An amber-red warning system for school buses, the focus of a private member’s bill introduced by local MPP Mike Harris, was signed into law last week.
Known as the Safer School Bus Act 2021, the law calls for older school buses to be retrofitted with a new flashing light system to boost safety. Harris argues a dual (amber-red) system is better, warns drivers that a school bus is slowing to a stop, helping them avoid illegally passing the bus, and making kids safer as they cross.
When buses are getting ready to stop for kids boarding or departing, the lights would turn amber – just like a traffic light – to signal drivers that they should begin slowing down. Once the bus stops, the lights then turn red as a clear indication to drivers that they should stop moving.
The bill began as a conversation about a year and a half ago following a petition brought by fellow MPP Vic Fedeli, the minister of economic development, job creation and trade.
“As a minister, you can’t introduce petitions and you can’t introduce bills. So, he and I have known each other for a very, very long time, growing up in in North Bay, and that’s where he’s from as well. He had asked if I would read these petitions into the legislature, and it was around school bus safety,” Harris explained of his getting involved with the issue.
The idea came following the formation of the advocacy group ‘Let’s Remember Adam,’ named after Adam Ranger, a five-year-old who was struck and killed getting off a bus in Mattawa.
Harris said the province was trailing the rest of North America in implementing the warning system.
“Ontario being the only province or state in North America that had not adopted this dual amber red lamp system. … We’ve done so much work on this and so much research and just hasn’t been able to find why it’s never been done.
The bill having received royal assent on May 12, thus becoming law, all school buses manufactured after 2005 will be required to have the amber-red system by the 2022-2023 school year. Adapting to the changes is estimated to range between $80-100 for buses depending on what type of system currently exists. Harris estimated the cost of retrofitting all existing buses at about $2 million.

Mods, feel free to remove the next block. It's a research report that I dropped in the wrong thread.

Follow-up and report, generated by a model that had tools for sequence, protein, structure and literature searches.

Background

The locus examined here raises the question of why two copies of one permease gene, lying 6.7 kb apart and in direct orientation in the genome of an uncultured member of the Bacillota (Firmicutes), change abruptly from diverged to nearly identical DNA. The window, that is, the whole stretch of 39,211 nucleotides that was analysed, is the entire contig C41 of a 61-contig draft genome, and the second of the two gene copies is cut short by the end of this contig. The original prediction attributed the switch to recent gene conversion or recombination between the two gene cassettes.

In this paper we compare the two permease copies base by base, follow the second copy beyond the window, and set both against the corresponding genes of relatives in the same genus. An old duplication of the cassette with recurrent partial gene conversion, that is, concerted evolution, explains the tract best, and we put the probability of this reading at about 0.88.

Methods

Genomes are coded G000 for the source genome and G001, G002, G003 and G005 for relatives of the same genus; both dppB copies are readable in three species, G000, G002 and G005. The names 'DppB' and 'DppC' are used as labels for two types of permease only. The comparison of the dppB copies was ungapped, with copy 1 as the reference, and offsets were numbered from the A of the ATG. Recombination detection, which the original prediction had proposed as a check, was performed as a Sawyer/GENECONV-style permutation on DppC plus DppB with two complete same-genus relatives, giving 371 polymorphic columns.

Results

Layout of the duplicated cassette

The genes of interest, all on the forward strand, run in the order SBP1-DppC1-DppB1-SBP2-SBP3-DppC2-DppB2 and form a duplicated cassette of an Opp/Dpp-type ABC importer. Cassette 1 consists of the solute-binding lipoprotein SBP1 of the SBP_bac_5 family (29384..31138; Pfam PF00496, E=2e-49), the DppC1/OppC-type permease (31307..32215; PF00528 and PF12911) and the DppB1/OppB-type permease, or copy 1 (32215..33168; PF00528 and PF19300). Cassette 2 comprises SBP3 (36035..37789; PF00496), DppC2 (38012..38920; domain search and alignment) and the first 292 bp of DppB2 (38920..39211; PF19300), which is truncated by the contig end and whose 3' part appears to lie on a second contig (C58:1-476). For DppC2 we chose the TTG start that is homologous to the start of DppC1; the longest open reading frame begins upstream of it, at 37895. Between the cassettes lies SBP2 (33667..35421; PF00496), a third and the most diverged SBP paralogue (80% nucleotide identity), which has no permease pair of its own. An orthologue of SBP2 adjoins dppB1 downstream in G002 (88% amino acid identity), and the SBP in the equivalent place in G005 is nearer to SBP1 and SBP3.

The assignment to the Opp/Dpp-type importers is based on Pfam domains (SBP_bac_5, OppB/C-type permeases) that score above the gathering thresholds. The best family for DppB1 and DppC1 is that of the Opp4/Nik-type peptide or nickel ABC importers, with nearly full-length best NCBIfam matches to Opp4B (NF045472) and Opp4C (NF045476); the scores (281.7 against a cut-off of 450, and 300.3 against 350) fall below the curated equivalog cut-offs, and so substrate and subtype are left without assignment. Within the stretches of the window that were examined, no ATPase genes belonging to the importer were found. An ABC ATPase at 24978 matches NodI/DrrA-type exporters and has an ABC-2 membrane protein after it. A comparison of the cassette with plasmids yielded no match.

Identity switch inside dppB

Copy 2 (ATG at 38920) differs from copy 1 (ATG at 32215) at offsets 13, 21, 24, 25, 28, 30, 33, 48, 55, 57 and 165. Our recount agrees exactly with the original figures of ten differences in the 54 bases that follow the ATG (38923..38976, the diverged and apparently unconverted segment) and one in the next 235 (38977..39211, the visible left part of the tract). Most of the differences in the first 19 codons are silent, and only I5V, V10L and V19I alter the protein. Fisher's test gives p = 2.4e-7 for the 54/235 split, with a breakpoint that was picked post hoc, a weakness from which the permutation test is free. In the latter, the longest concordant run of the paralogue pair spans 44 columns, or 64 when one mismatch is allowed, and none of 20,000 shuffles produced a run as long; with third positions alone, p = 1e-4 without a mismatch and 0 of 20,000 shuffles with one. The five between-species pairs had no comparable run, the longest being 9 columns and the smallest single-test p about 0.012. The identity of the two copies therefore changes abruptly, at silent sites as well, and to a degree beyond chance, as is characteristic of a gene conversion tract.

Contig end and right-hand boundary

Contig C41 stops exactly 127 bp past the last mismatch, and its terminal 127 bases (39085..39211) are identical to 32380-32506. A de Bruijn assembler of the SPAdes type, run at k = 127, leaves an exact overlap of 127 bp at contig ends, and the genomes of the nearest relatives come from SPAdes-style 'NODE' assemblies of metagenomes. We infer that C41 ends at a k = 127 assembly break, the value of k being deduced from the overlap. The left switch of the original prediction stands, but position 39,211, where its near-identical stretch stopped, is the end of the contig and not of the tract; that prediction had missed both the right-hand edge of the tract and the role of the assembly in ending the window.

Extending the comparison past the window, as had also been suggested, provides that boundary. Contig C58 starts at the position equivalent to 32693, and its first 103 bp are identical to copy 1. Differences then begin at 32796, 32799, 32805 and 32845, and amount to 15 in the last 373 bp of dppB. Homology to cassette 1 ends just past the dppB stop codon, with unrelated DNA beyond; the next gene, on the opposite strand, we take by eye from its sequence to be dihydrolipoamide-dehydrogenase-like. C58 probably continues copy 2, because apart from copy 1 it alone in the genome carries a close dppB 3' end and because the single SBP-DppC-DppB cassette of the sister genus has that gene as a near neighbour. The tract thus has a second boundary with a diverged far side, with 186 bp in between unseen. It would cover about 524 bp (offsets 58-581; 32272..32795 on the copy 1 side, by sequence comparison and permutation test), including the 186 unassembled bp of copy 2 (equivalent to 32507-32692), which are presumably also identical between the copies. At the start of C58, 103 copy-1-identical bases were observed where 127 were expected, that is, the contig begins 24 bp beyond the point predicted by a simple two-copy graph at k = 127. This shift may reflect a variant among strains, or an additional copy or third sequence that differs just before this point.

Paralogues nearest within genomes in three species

Benoit Bourgault, general manager of student transportation services Waterloo Region, greeted the bill’s passing.
“We are pleased to see the Ontario government finally moving forward and making the legislative changes necessary to adopt the eight-lamp system with amber/red colour combo. This change will improve student safety and eliminate a significant cause of confusion for motorists,” he said.
A study by Transport Canada shows that across all road conditions – high traffic, multiple lanes, weather, and the like – there was a consistent 11 per cent reduction in speed with dual lamps compared to the all-red system. When there were two lanes of oncoming traffic, the amber-red system reduced the speed of oncoming vehicles by 64 per cent.
Drivers can be charged if they pass a stopped school bus with its upper red lights flashing and/or stop arm activated. Fines for the first offence range from $400 to $2,000, with six demerit points. Each following offence sees fines rise to $1,000-$4,000, six demerit points and possible jail time (up to six months).